In all the product review articles that you’ve read, I am willing to bet that you have never finished reading the article and walked away with the ability to provide the Merriam-Webster definition of a word before. To me, that is a problem and just like Sightmark, I am going to provide a solution to that problem.
My solution is this:
pin·na·cle | \ ˈpi-ni-kəl \
Definition of pinnacle
1: an upright architectural member generally ending in a small spire and used especially in Gothic construction to give weight especially to a buttress
2: a structure or formation suggesting a pinnacle specifically: a lofty peak
3: the highest point of development or achievement: ACME
Now that you have read that, go back up just one line and see the selected part that is in bold and italics.
That is the focus of this article summed up into just seven words: “the highest point of development or achievement.” And that is exactly what Sightmark brought with the release of their Pinnacle line of magnified riflescopes.
The Pinnacle line of riflescopes was launched by Sightmark in 2016 with various models being introduced since that time. The focus of this article is the Pinnacle 3-18x44TMD. This particular model was designed to fill the gap between the 1-6x (tactical/sport) and 5-30x (long–range) models, with the 3-18x being a versatile scope that can be used for close- to long-range shooting. And for those curious what the TMD stands for, it simply refers to the specially designed reticle, known as the Tactical Mil-Dot.
The key features of the 3-18x44TMD (SM13030TMD) are as follows:
- Japanese glass with fully multi-coated lenses (Enhanced image brightness, clarity and resolution)
- Zero stop elevation dial (A true “no look” return to zero without passing below your set zero)
- First focal plane reticle (Shoot holdovers at any power quickly)
- 34mm tube (Adds elevation adjustment for long-range shooting)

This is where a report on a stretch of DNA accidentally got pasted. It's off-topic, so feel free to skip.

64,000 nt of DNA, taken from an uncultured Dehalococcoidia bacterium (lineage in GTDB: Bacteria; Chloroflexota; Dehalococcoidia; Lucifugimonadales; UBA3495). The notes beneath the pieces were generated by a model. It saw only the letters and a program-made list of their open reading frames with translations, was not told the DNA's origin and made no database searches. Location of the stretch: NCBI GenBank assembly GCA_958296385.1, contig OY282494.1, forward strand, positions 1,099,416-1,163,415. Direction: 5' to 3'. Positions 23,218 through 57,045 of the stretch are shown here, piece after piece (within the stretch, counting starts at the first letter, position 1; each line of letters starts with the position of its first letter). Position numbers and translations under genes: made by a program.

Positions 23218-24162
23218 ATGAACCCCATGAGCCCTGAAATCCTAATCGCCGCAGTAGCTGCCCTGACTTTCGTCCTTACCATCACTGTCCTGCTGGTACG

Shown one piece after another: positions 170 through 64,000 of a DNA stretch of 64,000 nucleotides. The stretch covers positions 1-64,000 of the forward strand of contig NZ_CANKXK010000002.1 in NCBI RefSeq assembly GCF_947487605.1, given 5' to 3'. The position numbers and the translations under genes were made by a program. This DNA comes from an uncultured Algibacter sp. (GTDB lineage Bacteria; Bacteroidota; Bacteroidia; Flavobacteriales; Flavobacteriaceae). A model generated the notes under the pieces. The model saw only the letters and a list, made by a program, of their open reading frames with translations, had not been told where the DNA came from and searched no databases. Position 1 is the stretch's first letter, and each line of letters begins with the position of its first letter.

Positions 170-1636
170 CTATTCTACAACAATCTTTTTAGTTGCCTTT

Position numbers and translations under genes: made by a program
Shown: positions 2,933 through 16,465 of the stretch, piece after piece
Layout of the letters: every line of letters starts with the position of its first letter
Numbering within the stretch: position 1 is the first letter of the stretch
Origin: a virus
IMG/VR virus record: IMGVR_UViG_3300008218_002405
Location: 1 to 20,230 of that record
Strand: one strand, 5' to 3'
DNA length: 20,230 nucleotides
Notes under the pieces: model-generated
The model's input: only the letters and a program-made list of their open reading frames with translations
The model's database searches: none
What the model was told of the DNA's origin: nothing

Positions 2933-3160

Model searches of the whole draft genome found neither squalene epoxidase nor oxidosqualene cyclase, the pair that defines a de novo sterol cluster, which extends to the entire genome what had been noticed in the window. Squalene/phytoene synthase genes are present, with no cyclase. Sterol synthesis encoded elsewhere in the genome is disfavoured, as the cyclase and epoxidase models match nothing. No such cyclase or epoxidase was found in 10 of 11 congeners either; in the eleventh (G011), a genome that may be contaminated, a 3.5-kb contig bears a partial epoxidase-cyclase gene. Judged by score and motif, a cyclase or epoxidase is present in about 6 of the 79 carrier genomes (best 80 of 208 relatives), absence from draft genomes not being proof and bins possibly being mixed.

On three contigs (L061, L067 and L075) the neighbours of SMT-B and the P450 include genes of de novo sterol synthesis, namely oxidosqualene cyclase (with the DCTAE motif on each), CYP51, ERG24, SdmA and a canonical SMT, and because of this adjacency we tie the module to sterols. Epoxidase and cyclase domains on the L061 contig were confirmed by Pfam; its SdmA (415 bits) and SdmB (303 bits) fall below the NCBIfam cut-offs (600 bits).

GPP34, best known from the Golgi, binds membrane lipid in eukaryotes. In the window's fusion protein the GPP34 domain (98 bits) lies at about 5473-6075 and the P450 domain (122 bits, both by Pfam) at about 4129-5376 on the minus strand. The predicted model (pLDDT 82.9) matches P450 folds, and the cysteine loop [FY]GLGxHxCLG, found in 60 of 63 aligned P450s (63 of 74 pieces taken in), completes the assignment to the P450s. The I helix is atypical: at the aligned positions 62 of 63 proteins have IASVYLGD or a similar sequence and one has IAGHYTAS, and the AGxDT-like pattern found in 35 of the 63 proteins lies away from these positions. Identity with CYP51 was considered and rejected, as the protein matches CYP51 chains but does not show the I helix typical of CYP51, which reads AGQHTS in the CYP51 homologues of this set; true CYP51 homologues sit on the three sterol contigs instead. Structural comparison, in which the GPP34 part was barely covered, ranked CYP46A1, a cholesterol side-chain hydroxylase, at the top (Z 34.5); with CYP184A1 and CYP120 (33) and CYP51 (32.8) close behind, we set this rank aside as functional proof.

- Capped/exposed turret option (Shooter’s choice)
- Etched and Illuminated reticle (With five brightness settings in each color)
I have to admit, my first impressions upon unboxing the Pinnacle were pure joy but then I remembered I only had 45 days with the Pinnacle before having to box it up and send it back home to Texas, leaving me with sadness. Removing the Pinnacle from its packaging, immediately you could tell that this wasn’t just any scope off the shelf. The 34mm aluminum tube is finished in a matte black coating, and when assembled, is nitrogen-filled and built to be shockproof, fogproof, and built to an IP67 (3 feet/1 hour) waterproof rating.
The scope is 14.6 inches in length and weighs in at 33.5 ounces. Seeing the scope online Is one thing, but when you are handling the scope in person, you realize instantly that this optic was designed for serious work. Right then I decided to enjoy my time with the scope and put it to work.
The scope was mounted via Sightmark 34mm Medium height Weaver/Picatinny rings (SM34013) on my Savage 110 LA .308. Seeing the Pinnacle mounted up was impressive, as I am used to seeing a 3-9x riflescope mounted up which was dwarfed by comparison.
Mounting the scope was made easy with the rings from Sightmark and a Wheeler Engineering FAT Wrench. If you’re going to invest in a quality optic like the Pinnacle, a torque wrench is a required tool. The days of simply tightening here and there until it “feels” tight are over unless your nerves are properly calibrated in in/lbs. A precision riflescope on a precision rifle requires precise torque settings in order to evenly mount the scope and avoid crushing the tube (which has happened.)